Positive Customer Experience: What's the Return on Investment?

The Challenge: How do you build a business case for potentially costly changes to improve the overall customer experience? Disappointing Stay
The Reality: Marketers can expect reluctance to support new customer experience initiatives without proof that the investments will actually pay off. Sentiments like "If it ain't broke, don't spend money to fix it" may combine with old-fashioned organizational inertia and make changes difficult.
Three Marketing Lessons
To prove the value of improving the customer experience:
Lesson #1: The truth is out there. Today’s consumer has the power to cause your enterprise pain, or, through "evangelism”, raise it to new heights. Among the numerous points of contact with your company, you will find many mishandled "moments of truth", i.e., missed opportunities to improve both the customer experience and your organization's return on investment (ROI). The challenge is to identify these moments ... and then quantify how much fixing it is likely to be worth to your organization.
Customers are eager to tell “someone” what those moments are, how to fix them, and what will motivate repeat purchases and advocacy. But they need a responsive and caring department with whom to share this critical business intelligence. The question is, which people and teams in your organization have "listening to customers" across all channels, as a core part of their job description?
Once you know what needs to be improved, what part of the customer experience could turn borderline or dissatisfied customers into motivated advocates, you will know what to measure and, the revenue implications.
Lesson #2: Compare repeat purchasers with other customers. What trends show up? This kind of information often costs little or nothing to track down. As this thoughtful paper from Forrester Research points out, correlating purchase data with other information (such as survey results) can yield some compelling bottom-line conclusions.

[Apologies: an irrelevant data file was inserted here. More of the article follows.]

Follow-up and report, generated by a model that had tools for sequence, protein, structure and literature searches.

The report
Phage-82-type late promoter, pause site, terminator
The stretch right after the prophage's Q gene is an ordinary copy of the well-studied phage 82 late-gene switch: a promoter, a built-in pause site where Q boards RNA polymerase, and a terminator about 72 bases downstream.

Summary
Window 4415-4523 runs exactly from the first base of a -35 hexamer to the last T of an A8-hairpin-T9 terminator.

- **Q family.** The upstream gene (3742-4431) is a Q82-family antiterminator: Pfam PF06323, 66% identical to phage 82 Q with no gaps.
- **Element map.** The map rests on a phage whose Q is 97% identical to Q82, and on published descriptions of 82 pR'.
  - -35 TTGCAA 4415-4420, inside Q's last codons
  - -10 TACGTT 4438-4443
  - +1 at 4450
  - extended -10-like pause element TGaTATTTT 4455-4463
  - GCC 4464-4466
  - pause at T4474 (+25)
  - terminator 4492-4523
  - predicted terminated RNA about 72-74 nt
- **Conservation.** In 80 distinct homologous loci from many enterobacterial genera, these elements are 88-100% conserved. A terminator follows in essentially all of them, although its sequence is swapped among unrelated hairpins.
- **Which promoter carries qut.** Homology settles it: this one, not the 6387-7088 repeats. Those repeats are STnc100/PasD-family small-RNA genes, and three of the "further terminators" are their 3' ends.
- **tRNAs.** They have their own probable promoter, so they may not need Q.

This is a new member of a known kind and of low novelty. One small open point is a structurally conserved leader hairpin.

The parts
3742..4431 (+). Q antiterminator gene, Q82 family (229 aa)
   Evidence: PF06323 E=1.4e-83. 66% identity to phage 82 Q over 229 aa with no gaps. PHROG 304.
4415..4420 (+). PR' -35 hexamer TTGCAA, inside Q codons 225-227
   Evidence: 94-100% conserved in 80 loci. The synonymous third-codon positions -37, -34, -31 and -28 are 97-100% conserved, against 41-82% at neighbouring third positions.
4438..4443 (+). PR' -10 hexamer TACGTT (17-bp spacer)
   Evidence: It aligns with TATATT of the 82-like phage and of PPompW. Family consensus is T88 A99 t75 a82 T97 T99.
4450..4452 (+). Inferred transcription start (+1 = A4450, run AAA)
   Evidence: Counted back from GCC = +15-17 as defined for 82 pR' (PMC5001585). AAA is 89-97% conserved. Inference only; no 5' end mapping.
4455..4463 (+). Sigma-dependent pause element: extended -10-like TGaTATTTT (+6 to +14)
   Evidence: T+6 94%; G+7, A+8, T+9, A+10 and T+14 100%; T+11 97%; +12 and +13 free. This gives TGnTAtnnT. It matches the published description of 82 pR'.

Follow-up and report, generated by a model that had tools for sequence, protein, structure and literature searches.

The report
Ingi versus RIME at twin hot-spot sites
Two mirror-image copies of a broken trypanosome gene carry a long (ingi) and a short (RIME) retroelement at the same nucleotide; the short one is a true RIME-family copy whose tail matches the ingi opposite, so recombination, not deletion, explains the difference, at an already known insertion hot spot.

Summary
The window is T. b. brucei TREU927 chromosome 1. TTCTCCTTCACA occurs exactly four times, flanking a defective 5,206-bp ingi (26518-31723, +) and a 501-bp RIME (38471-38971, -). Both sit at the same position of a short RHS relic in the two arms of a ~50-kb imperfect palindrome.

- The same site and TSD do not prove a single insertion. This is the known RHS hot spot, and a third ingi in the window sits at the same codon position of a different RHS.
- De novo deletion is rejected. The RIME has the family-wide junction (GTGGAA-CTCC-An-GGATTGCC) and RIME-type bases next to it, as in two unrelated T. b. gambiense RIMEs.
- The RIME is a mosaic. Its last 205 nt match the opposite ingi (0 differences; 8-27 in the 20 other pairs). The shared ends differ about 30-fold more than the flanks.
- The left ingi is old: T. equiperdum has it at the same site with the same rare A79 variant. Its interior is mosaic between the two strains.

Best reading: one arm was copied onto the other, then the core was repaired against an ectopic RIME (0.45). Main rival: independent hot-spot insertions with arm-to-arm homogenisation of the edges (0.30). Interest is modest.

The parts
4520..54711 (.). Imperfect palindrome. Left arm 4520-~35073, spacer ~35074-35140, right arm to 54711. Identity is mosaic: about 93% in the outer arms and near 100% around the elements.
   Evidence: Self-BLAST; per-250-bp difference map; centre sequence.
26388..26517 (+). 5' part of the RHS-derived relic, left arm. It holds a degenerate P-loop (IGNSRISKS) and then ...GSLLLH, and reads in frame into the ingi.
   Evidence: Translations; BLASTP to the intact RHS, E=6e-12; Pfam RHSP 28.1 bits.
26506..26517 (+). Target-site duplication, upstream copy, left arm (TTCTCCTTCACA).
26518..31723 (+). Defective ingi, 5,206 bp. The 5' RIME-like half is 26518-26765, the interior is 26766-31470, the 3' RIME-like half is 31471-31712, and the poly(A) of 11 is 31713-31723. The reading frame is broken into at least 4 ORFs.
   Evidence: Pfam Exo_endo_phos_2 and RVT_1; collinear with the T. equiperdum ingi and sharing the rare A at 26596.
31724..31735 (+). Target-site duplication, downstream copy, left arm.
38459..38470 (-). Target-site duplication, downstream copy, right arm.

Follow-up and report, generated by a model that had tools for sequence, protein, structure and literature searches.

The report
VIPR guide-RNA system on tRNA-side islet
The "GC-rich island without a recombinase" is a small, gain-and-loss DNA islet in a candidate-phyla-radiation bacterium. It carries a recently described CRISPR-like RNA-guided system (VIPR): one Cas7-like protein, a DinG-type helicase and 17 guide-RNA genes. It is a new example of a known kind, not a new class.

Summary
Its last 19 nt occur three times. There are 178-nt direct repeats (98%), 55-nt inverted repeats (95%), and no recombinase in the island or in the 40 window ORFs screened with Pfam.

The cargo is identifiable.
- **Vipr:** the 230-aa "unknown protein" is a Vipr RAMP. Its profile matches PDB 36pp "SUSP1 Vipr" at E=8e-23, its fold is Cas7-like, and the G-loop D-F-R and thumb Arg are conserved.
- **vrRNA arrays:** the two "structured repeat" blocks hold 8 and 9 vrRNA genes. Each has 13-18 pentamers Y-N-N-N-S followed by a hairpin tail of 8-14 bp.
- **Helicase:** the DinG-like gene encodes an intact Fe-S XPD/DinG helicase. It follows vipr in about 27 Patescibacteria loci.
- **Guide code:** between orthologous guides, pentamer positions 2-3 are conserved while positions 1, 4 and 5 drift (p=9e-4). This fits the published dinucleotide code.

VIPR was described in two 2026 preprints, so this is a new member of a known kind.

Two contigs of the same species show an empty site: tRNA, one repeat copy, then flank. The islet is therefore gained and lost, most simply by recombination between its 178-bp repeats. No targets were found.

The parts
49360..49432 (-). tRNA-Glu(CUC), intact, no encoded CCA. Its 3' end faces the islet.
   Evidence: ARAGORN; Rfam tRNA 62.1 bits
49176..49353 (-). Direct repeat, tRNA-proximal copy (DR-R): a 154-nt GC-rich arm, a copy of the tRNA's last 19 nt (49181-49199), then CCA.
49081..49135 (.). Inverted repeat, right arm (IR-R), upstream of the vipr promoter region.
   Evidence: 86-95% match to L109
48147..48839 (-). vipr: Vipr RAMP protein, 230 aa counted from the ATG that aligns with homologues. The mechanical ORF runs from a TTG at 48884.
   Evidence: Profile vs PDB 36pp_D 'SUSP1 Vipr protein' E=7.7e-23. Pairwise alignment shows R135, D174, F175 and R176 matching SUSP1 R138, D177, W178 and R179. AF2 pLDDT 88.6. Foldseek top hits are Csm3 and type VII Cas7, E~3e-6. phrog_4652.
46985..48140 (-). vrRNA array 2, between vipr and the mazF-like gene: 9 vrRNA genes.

"Analysts at Adobe combined historical purchase and upgrade data with survey data and found that customers with the highest feedback scores also had the greatest lifetime values. Differences in lifetime value between customers with the lowest and highest feedback scores ranged from 43% among retail customers to a whopping 288% among key business accounts."
Lesson #3: Patiently target the right prospective allies. Building coalitions for organizational change takes persistence, particularly if you work in a large organization. Once you identify a customer touch point that has a dramatic effect on the overall customer experience, keep collecting all the evidence you can that connects, directly or indirectly, to that touch point ... and then keep sharing that evidence with the internal stakeholders most likely to be affected by it. Remember that video and audio clips of customers and prospective customers discussing their problems can be particularly powerful motivators for senior executives.